Khamari R., Trinh A., Gabert P. E., Corazao-Rozas P., Riveros-Cruz S., Balayssac S., Malet-Martino M., Dekiouk S., Curt M. J. C., Maboudou P., Garcon G., Ravasi L., Guerreschi P., Mortier L., Quesnel B., Marchetti P., Kluza J.   Glucose metabolism and NRF2 coordinate the antioxidant response in melanoma resistant to MAPK inhibitors.  Cell Death Dis..  2018 ;9 :325

Targeted therapies as BRAF and MEK inhibitor combination have been approved as first-line treatment for BRAF-mutant melanoma. However, disease progression occurs in most of the patients within few months of therapy. Metabolic adaptations have been described in the context of acquired resistance to BRAF inhibitors (BRAFi). BRAFi-resistant melanomas are characterized by an increase of mitochondrial oxidative phosphorylation and are more prone to cell death induced by mitochondrial-targeting drugs. BRAFi-resistant melanomas also exhibit an enhancement of oxidative stress due to mitochondrial oxygen consumption increase. To understand the mechanisms responsible for survival of BRAFi-resistant melanoma cells in the context of oxidative stress, we have established a preclinical murine model that accurately recapitulates in vivo the acquisition of resistance to MAPK inhibitors including several BRAF or MEK inhibitors alone and in combination. Using mice model and melanoma cell lines generated from mice tumors, we have confirmed that the acquisition of resistance is associated with an increase in mitochondrial oxidative phosphorylation as well as the importance of glutamine metabolism. Moreover, we have demonstrated that BRAFi-resistant melanoma can adapt mitochondrial metabolism to support glucose-derived glutamate synthesis leading to increase in glutathione content. Besides, BRAFi-resistant melanoma exhibits a strong activation of NRF-2 pathway leading to increase in the pentose phosphate pathway, which is involved in the regeneration of reduced glutathione, and to increase in xCT expression, a component of the xc-amino acid transporter essential for the uptake of cystine required for intracellular glutathione synthesis. All these metabolic modifications sustain glutathione level and contribute to the intracellular redox balance to allow survival of BRAFi-resistant melanoma cells.

Kerbage Y., Canlorbe G., Estevez J. P., Grabarz A., Mordon S., Uzan C., Collinet P., Azaïs H.   [Microscopic peritoneal metastases of epithelial ovarian cancers. Clinical relevance, diagnostic and therapeutic tools].  Gynecol Obstet Fertil Senol.  2018 ;46 :497-502

Understanding the biology and progression mechanisms of peritoneal metastases in ovarian epithelial cancers (EOC) is important because peritoneal carcinomatosis is present or will occur during surveillance of a majority of patients. Despite the clinical remission achieved after complete macroscopic cytoreductive surgery and platinum-based chemotherapy, 60% of patients will develop peritoneal recurrence. This suggests that microscopic lesions, which are not eradicated by surgery may be present and may participate in the mechanisms leading to peritoneal recurrence. This paper discusses current available data on microscopic peritoneal metastases, their diagnosis and their treatment. We reviewed all publications dealing with microscopic peritoneal metastases of EOC between 1980 and 2017. The most recent and most relevant publications dealing with the treatment modalities of these metastases were selected. Peritoneal and epiploic microscopic localizations would occur in 1.2 to 15.1% of cases at early-stage and are not treated during conventional surgery. They could represent a potential therapeutic target. Local treatments (intraperitoneal chemotherapy, photodynamic therapy, fluorescence-guided surgery) seem to be necessary in addition to surgery and chemotherapy and may help reduce the risk of peritoneal recurrence. The place of these treatments in the management of EOC remains to be defined by subsequent researches.

Kasivisvanathan V., Rannikko A. S., Borghi M., Panebianco V., Mynderse L. A., Vaarala M. H., Briganti A., Budäus L., Hellawell G., Hindley R. G., Roobol M. J., Eggener S., Ghei M., Villers A., Bladou F., Villeirs G. M., Virdi J., Boxler S., Robert G., Singh P. B., Venderink W., Hadaschik B. A., Ruffion A., Hu J. C., Margolis D., Crouzet S., Klotz L., Taneja S. S., Pinto P., Gill I., Allen C., Giganti F., Freeman A., Morris S., Punwani S., Williams N. R., Brew-Graves C., Deeks J., Takwoingi Y., Emberton M., Moore C. M.   MRI-Targeted or Standard Biopsy for Prostate-Cancer Diagnosis.  N. Engl. J. Med..  2018 ;378 :1767-1777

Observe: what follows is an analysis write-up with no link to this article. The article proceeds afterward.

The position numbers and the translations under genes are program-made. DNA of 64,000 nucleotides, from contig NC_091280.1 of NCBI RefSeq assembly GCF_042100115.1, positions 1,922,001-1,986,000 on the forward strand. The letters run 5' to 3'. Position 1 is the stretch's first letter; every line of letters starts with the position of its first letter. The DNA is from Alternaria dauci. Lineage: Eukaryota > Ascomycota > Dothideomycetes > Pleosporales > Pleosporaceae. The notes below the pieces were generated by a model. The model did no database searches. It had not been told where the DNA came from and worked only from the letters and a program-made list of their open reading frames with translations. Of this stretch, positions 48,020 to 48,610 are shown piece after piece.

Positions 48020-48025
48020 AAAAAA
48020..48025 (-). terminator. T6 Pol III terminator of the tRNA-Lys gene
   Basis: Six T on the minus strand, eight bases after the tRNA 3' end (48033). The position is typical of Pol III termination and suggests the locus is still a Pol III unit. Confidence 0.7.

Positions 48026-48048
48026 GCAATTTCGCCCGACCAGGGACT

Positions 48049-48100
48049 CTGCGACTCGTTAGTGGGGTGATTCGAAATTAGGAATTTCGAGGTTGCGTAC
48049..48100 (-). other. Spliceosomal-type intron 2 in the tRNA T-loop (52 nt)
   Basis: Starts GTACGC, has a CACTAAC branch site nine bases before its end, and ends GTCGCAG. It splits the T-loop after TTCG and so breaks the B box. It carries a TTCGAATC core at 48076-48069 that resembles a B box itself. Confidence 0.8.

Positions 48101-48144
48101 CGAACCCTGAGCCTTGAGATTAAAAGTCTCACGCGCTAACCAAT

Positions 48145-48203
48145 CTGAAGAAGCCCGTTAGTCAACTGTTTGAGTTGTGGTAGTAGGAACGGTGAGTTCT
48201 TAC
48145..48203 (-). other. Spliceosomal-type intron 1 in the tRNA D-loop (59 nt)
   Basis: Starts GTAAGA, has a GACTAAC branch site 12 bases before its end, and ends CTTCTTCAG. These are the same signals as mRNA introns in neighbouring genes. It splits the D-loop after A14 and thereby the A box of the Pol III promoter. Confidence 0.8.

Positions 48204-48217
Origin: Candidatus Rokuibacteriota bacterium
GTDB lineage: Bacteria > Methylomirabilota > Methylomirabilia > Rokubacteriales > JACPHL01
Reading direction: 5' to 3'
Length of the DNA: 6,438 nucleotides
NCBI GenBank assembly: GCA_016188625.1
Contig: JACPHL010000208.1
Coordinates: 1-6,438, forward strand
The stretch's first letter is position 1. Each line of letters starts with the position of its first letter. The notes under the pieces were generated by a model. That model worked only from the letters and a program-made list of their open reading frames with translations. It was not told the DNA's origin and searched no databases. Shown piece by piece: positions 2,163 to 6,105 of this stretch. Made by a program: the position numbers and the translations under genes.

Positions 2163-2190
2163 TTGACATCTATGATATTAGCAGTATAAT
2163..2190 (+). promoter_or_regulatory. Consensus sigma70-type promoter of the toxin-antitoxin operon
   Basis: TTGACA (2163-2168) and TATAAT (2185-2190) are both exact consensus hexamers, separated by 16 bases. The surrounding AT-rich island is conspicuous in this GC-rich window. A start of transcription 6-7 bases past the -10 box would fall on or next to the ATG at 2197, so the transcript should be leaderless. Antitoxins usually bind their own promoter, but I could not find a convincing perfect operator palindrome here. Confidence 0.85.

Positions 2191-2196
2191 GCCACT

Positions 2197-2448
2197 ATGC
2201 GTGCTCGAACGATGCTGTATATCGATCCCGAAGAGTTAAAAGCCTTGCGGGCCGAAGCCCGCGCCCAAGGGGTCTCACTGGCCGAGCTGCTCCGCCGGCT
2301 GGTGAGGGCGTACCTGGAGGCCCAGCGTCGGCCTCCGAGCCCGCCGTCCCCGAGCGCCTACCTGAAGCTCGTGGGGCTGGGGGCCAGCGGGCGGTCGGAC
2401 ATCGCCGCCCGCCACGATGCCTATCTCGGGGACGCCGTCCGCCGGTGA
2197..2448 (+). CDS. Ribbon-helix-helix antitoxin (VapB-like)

BACKGROUND: Multiparametric magnetic resonance imaging (MRI), with or without targeted biopsy, is an alternative to standard transrectal ultrasonography-guided biopsy for prostate-cancer detection in men with a raised prostate-specific antigen level who have not undergone biopsy. However, comparative evidence is limited. METHODS: In a multicenter, randomized, noninferiority trial, we assigned men with a clinical suspicion of prostate cancer who had not undergone biopsy previously to undergo MRI, with or without targeted biopsy, or standard transrectal ultrasonography-guided biopsy. Men in the MRI-targeted biopsy group underwent a targeted biopsy (without standard biopsy cores) if the MRI was suggestive of prostate cancer; men whose MRI results were not suggestive of prostate cancer were not offered biopsy. Standard biopsy was a 10-to-12-core, transrectal ultrasonography-guided biopsy. The primary outcome was the proportion of men who received a diagnosis of clinically significant cancer. Secondary outcomes included the proportion of men who received a diagnosis of clinically insignificant cancer. RESULTS: A total of 500 men underwent randomization. In the MRI-targeted biopsy group, 71 of 252 men (28%) had MRI results that were not suggestive of prostate cancer, so they did not undergo biopsy. Clinically significant cancer was detected in 95 men (38%) in the MRI-targeted biopsy group, as compared with 64 of 248 (26%) in the standard-biopsy group (adjusted difference, 12 percentage points; 95% confidence interval [CI], 4 to 20; P=0.005). MRI, with or without targeted biopsy, was noninferior to standard biopsy, and the 95% confidence interval indicated the superiority of this strategy over standard biopsy. Fewer men in the MRI-targeted biopsy group than in the standard-biopsy group received a diagnosis of clinically insignificant cancer (adjusted difference, -13 percentage points; 95% CI, -19 to -7; P<0.001). CONCLUSIONS: The use of risk assessment with MRI before biopsy and MRI-targeted biopsy was superior to standard transrectal ultrasonography-guided biopsy in men at clinical risk for prostate cancer who had not undergone biopsy previously. (Funded by the National Institute for Health Research and the European Association of Urology Research Foundation; PRECISION number, NCT02380027 .).